Highlights from Convocation 2019
Thursday's ceremonies featured the participation of 22 members of our 2019 graduating class as well as one of our professors, Dr. Elizabeth Kay-Raining Bird giving the Convocation Address. Here is the YouTube Link to Dr. Kay-Raining Bird's Convocation Address.
As well, one of our graduating students, Alison Bartlett, was featured in the Dal News.
Alison Bartlett is graduating from the School of Communication Sciences and Disorders this week. We sat down for a conversation about her experience and what's next.
What is the most exciting thing about graduating?
Being able to apply everything I’ve learned in the program so that I can start making a difference in people’s lives. It feels almost surreal to finally be able to call myself an Audiologist!”
What will you miss most about Dal and your program?
“Definitely the people! Our program is very small and you end up spending a lot of time together over the course of three years, so we became more of a family than classmates. Also, the faculty and staff are exceptional and they truly want you to succeed. I’m really going to miss all of their support and guidance.”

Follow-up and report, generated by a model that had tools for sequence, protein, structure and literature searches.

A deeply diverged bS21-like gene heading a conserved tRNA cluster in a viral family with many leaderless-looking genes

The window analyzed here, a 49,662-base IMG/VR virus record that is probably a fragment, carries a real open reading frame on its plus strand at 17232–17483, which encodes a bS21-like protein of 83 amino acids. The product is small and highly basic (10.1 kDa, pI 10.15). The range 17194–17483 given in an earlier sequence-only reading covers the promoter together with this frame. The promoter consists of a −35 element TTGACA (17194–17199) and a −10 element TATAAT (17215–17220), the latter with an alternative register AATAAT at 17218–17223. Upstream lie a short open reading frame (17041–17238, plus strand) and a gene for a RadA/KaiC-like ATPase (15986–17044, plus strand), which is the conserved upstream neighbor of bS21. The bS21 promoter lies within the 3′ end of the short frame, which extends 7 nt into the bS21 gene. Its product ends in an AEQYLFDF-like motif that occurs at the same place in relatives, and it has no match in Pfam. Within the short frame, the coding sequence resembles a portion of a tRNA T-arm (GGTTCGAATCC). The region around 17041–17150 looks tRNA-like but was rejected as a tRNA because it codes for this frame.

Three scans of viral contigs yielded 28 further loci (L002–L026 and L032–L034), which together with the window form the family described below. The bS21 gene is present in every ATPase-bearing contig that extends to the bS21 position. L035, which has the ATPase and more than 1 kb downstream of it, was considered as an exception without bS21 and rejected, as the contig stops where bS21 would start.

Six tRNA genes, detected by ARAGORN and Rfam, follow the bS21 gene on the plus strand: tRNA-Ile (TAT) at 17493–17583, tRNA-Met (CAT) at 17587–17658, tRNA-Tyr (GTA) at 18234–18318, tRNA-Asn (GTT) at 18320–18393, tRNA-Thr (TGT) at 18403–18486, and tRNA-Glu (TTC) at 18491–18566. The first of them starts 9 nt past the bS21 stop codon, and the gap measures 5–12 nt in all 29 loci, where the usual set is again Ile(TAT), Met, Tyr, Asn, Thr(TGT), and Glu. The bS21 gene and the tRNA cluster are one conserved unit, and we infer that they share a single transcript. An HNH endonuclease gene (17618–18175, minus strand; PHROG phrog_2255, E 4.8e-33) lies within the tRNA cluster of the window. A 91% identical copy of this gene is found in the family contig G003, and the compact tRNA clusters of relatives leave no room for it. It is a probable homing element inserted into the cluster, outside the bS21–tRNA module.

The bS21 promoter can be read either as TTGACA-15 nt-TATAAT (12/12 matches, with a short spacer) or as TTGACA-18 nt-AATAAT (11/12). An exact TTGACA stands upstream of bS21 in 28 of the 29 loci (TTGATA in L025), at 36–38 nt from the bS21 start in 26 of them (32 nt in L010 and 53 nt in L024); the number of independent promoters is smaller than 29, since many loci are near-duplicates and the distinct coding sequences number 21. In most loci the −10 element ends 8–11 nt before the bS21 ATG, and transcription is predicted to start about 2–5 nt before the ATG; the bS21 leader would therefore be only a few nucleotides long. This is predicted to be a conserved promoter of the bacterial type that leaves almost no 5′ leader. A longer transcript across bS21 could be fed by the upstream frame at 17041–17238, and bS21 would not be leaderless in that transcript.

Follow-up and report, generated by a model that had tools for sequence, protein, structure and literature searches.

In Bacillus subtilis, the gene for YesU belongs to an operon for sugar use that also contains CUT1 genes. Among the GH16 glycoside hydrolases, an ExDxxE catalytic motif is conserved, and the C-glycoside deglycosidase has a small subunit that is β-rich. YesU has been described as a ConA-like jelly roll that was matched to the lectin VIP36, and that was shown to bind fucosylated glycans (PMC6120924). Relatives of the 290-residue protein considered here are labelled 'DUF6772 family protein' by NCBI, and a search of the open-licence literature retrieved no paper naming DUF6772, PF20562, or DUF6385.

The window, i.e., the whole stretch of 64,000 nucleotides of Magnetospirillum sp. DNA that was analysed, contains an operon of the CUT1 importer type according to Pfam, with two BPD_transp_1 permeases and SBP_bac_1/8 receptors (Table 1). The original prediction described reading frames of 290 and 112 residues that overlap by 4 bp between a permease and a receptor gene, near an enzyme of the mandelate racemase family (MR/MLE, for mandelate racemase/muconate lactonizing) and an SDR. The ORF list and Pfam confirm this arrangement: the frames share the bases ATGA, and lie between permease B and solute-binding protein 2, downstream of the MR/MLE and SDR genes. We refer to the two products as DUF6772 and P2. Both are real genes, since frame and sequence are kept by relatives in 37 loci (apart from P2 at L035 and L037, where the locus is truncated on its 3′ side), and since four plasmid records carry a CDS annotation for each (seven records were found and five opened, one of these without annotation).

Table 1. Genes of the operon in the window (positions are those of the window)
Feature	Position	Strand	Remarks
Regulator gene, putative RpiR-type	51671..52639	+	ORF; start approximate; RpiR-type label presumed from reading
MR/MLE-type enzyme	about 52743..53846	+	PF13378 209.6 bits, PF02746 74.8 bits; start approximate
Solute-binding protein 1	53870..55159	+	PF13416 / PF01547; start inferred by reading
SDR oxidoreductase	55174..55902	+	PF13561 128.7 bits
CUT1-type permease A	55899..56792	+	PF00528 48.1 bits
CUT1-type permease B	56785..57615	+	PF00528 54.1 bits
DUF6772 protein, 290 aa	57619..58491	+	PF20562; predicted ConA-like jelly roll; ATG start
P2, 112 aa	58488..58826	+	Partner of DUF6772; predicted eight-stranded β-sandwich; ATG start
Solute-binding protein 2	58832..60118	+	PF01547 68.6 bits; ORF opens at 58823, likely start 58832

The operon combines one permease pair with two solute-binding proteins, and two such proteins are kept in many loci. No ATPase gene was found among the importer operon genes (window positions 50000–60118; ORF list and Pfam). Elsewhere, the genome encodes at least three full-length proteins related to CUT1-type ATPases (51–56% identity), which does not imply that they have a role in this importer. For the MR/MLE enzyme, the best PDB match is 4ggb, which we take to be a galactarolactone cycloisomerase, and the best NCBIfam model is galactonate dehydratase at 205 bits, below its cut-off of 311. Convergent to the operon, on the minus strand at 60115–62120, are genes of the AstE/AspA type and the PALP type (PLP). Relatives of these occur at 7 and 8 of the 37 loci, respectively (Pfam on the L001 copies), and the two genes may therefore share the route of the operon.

I understand you are now working at your placement. Can you describe your placement experience and how you benefitted from it?
“Yes, I am! I could not have asked for better placement experience. My Clinical Educator provided me with enough independence to learn and grow more confident in my skills, but also endless amounts of support, guidance, and encouragement when I needed it. I think that the course work in school is fundamental is gaining the knowledge that you need to be successful, but the biggest benefit of my placement experience was learning how to apply that knowledge to real-world situations.”
Where are you from originally and what brought you to Dal?